This one's easy: don't be the IC asshole in the back of the crowd cracking wise, being totally stoic, or otherwise unaffected, while everyone else is, correctly, freaking out because the world is coming to an end. (That example is not always hyperbolic, but obviously, lesser plot-important events deserve your respect and consideration as well.) Doing so no-sells the impact of the event and the emotional credibility of everyone around you. If your character has snarky or stoic traits, now isn't the time to play them to the hilt, and to the extent that you do, make very sure that your poses include a window into their soul, beyond the front they're putting up, to show how they truly feel (which should be deeply, everyone should have strong feelings about conflicts, especially in mahou shoujo).

Selling and No-Selling Casts

All of our advice about selling your opponents applies triply to enemies from another cast. In the end, if you routinely no-sell your own cast's antagonist, the main person you're hurting is yourself, since this is your destined opponent whose credibility you're destroying, and thus your own payoff for dramatically overcoming their threat. If you do it to another cast's villain, you're not only hurting yourself and the villain, but you're also damaging the credibility of every protagonist in that cast.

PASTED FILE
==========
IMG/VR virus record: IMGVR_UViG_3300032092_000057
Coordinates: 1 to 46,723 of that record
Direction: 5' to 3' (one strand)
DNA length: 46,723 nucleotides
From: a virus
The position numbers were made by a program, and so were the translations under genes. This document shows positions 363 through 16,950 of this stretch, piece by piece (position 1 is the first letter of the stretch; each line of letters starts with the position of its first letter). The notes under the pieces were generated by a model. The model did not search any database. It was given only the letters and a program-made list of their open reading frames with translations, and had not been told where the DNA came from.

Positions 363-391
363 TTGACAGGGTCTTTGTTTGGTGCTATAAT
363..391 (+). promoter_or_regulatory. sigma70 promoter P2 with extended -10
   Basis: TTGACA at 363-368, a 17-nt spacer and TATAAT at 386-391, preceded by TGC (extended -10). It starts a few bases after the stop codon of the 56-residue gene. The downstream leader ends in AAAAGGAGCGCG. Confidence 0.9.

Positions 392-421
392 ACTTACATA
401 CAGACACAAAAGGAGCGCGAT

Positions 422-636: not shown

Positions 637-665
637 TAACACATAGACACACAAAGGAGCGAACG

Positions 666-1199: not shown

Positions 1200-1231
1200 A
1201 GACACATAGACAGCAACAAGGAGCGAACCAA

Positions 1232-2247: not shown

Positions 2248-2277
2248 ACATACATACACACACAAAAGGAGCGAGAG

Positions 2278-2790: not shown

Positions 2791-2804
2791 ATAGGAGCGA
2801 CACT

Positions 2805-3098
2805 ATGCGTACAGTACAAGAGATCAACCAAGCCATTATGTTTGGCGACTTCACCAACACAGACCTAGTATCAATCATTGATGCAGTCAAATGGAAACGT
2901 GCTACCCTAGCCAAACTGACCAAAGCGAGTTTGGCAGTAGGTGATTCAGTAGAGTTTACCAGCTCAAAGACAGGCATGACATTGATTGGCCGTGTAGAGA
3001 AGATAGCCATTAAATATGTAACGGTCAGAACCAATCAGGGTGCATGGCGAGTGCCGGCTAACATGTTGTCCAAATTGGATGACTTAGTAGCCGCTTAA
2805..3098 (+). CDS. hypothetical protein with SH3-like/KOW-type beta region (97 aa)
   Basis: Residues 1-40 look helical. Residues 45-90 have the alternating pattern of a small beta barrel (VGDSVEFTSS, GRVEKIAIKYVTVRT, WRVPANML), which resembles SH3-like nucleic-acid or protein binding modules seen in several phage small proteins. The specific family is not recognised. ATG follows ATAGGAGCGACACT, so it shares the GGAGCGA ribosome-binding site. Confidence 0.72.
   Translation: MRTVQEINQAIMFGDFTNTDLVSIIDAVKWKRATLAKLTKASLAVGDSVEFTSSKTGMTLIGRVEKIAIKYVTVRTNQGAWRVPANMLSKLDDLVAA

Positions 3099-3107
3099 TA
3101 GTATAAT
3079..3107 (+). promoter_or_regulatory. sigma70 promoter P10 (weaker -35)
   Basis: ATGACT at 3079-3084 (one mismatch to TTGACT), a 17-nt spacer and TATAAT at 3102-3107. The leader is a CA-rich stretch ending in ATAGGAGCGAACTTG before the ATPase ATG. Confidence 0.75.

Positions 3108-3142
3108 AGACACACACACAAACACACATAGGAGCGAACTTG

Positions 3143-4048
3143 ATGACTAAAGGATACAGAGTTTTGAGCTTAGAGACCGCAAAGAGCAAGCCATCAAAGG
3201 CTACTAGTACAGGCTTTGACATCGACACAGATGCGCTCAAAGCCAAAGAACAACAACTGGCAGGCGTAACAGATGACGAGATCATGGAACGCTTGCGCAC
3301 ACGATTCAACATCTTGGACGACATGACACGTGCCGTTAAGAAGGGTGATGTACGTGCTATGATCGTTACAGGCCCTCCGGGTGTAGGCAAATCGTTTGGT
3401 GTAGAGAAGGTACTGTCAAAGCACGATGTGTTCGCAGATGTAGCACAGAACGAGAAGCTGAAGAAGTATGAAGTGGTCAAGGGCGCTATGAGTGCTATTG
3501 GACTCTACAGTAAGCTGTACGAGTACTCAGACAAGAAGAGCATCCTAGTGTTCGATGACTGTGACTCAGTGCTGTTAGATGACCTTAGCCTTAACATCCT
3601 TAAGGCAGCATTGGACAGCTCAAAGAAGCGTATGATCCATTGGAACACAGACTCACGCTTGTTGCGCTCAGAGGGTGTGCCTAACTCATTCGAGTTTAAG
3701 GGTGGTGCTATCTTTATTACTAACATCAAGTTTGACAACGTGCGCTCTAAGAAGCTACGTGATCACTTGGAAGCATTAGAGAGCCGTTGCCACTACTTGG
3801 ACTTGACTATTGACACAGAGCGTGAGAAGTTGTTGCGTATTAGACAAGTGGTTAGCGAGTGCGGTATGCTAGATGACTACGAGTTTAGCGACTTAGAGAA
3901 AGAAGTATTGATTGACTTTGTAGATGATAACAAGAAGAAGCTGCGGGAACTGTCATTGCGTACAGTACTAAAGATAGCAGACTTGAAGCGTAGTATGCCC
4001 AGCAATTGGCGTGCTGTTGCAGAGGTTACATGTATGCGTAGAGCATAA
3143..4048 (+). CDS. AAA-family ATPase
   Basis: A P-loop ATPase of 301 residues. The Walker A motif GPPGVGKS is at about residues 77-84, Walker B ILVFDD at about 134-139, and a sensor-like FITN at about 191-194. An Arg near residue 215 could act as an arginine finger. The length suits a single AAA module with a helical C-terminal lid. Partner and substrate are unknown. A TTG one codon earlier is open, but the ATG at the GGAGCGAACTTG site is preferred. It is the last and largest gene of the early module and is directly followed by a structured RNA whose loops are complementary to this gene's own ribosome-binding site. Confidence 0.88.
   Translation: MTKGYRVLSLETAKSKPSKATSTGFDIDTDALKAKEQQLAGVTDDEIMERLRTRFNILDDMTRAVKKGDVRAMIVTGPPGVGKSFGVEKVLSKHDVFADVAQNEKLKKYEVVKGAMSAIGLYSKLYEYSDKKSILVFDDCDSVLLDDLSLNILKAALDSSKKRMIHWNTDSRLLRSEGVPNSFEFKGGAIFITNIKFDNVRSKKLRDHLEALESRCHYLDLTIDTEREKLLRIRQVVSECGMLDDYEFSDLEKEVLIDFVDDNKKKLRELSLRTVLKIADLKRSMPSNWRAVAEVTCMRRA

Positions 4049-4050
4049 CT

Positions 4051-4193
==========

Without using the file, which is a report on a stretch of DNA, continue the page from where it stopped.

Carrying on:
Selling and No-Selling Your Allies

While it should never be done at the expense of selling your opponents, it's always nice to sell your allies. Care about what they're doing, and make sure that your character has a reason to show it (or, if they have a reason to hide it, explore the necessity of them having to because of other peoples' actions affecting their true feelings in some way). Be impressed, embarrassed, amazed, awed or even afraid. Don't pose yourself as the big gun of the protagonists in the room -- instead, make all of your allies feel like the big gun with your poses. If they do the same, imagine how epic things will become.


It's incredibly easy to accidentally powerpose other people in your scene -- which is to say, to dictate an objective fact about their character in your own pose. The most common way is simply to casually state something as true in the middle of your prose (eg, outside of the dialogue), without making it absolutely clear that it's your character's opinion rather than, necessarily, reality.

For example: "I hate you!" screams Sailor Mars, as she sees Sailor Venus crash to the ground, dazed. She feels the fury pour through her -- she loathes every inch of Zoisite's smug, presumptuous, creepy, obnoxious body.

Obviously this is untrue, or even if it is true, it is not your place to pose -- it's up to your antagonist how they want to describe themselves in the greater context of the universe. Fortunately, it's also incredibly easy to fix!

Try instead: "I hate you!" screams Sailor Mars, as she sees Sailor Venus crash to the ground, dazed. She feels the fury pour through her -- she loathes every inch of Zoisite; to her he is smug, presumptuous, creepy, and obnoxious, and what's worse, his legs are nicer than hers.